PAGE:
Psychosexual aspects of vulvovaginal pain

Sophie Bergeron, Wendy Likes, Marc Steben

Research output: Contribution to journalArticle

24 Citations (Scopus)

Abstract

Vulvovaginal pain problems are major health concerns in women of childbearing age. Controlled studies have shown that vulvovaginal pain can adversely affect women and their partners' general psychological well-being, relationship adjustment, and overall quality of life. These women have significantly lower levels of sexual desire, arousal, and satisfaction, as well as a lower intercourse frequency than normal controls. They also report more anxiety and depression, in addition to more distress about their body image and genital self-image. Empirical studies indicate that specific psychological and relationship factors may increase vulvovaginal pain intensity and its psychosexual sequelae. Randomized clinical trials have shown that psychosexual interventions, namely cognitive-behavioral therapy (CBT), are efficacious in reducing vulvovaginal pain and improving associated psychosexual outcomes. Women reporting significant psychological, sexual, and/or relationship distress should be referred for psychosexual treatment. A multimodal approach to care integrating psychosexual and medical management is thought to be optimal.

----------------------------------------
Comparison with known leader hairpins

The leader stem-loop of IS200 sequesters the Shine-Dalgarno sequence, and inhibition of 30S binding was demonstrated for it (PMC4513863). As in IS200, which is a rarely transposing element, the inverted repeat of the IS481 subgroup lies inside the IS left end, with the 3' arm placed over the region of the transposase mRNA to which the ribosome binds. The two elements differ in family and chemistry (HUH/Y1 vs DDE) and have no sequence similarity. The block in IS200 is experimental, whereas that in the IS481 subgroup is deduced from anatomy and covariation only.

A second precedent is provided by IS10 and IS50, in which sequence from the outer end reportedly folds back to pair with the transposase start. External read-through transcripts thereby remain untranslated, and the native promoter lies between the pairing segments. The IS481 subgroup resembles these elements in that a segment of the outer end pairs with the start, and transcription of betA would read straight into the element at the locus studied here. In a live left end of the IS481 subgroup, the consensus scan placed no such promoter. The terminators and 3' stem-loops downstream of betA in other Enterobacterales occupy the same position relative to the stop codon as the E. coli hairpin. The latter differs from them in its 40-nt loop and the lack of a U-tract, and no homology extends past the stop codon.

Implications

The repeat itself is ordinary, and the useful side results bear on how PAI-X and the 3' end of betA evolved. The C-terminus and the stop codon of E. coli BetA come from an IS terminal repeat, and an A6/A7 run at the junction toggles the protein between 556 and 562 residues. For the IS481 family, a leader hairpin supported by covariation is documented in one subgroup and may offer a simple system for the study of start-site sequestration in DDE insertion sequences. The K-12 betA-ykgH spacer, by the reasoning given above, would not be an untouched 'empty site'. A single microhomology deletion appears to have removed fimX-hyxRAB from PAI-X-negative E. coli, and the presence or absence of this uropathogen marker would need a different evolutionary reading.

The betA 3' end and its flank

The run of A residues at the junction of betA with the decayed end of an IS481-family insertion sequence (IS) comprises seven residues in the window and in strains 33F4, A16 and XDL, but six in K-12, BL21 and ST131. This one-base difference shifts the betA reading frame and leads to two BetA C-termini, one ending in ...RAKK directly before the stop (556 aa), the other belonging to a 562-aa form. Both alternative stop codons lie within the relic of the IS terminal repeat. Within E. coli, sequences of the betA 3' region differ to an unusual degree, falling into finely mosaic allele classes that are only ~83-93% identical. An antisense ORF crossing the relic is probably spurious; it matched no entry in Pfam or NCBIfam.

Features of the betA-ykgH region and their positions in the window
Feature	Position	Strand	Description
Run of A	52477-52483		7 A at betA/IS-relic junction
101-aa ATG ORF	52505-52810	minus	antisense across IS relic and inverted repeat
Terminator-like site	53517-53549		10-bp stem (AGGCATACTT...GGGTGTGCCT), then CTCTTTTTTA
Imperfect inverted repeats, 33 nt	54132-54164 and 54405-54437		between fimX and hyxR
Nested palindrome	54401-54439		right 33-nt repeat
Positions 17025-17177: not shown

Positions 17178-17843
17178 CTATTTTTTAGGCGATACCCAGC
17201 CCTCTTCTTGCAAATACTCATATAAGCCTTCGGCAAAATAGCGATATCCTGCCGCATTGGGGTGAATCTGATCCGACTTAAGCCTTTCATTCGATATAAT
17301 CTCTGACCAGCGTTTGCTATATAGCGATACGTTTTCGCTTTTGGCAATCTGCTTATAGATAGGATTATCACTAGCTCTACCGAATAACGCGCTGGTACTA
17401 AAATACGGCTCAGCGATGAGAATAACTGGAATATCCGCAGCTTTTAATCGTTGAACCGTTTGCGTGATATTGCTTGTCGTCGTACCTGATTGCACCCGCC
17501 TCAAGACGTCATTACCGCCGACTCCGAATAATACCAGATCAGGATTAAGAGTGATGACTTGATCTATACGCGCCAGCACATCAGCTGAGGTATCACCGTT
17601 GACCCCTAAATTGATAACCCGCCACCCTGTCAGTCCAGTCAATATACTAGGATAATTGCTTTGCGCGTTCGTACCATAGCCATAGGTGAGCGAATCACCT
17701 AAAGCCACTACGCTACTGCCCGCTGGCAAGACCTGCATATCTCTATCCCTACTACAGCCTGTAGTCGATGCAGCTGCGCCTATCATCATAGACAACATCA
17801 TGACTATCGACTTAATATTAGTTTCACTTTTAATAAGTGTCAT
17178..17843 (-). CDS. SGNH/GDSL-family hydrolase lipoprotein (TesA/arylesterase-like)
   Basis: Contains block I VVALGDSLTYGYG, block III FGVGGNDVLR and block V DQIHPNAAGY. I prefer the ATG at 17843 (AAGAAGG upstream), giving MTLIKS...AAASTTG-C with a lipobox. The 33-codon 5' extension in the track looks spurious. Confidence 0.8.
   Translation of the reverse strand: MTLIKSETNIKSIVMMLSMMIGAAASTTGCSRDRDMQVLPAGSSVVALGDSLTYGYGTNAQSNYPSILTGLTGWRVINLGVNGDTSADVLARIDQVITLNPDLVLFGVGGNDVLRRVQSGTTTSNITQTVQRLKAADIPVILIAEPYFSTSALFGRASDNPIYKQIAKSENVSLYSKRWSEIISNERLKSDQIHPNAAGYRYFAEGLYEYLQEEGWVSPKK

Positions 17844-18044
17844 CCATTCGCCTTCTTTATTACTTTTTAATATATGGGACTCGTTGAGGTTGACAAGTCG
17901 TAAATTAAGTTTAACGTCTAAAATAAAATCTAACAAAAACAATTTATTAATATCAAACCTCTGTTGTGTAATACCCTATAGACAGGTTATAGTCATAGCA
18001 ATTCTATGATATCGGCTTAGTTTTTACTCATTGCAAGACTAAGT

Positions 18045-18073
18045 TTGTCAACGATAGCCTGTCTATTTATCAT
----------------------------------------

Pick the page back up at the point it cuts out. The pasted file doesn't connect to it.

Original languageEnglish (US)
Pages (from-to)991-999
Number of pages9
JournalBest Practice and Research: Clinical Obstetrics and Gynaecology
Volume28
Issue number7
DOIs
StatePublished - Jan 1 2014

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Pain
Psychology
Social Adjustment
Body Image
Cognitive Therapy
Arousal
Anxiety
Randomized Controlled Trials
Quality of Life
Depression
Health
Therapeutics

All Science Journal Classification (ASJC) codes

  • Obstetrics and Gynecology

Cite this

Psychosexual aspects of vulvovaginal pain. / Bergeron, Sophie; Likes, Wendy; Steben, Marc.

In: Best Practice and Research: Clinical Obstetrics and Gynaecology, Vol. 28, No. 7, 01.01.2014, p. 991-999.

Research output: Contribution to journalArticle

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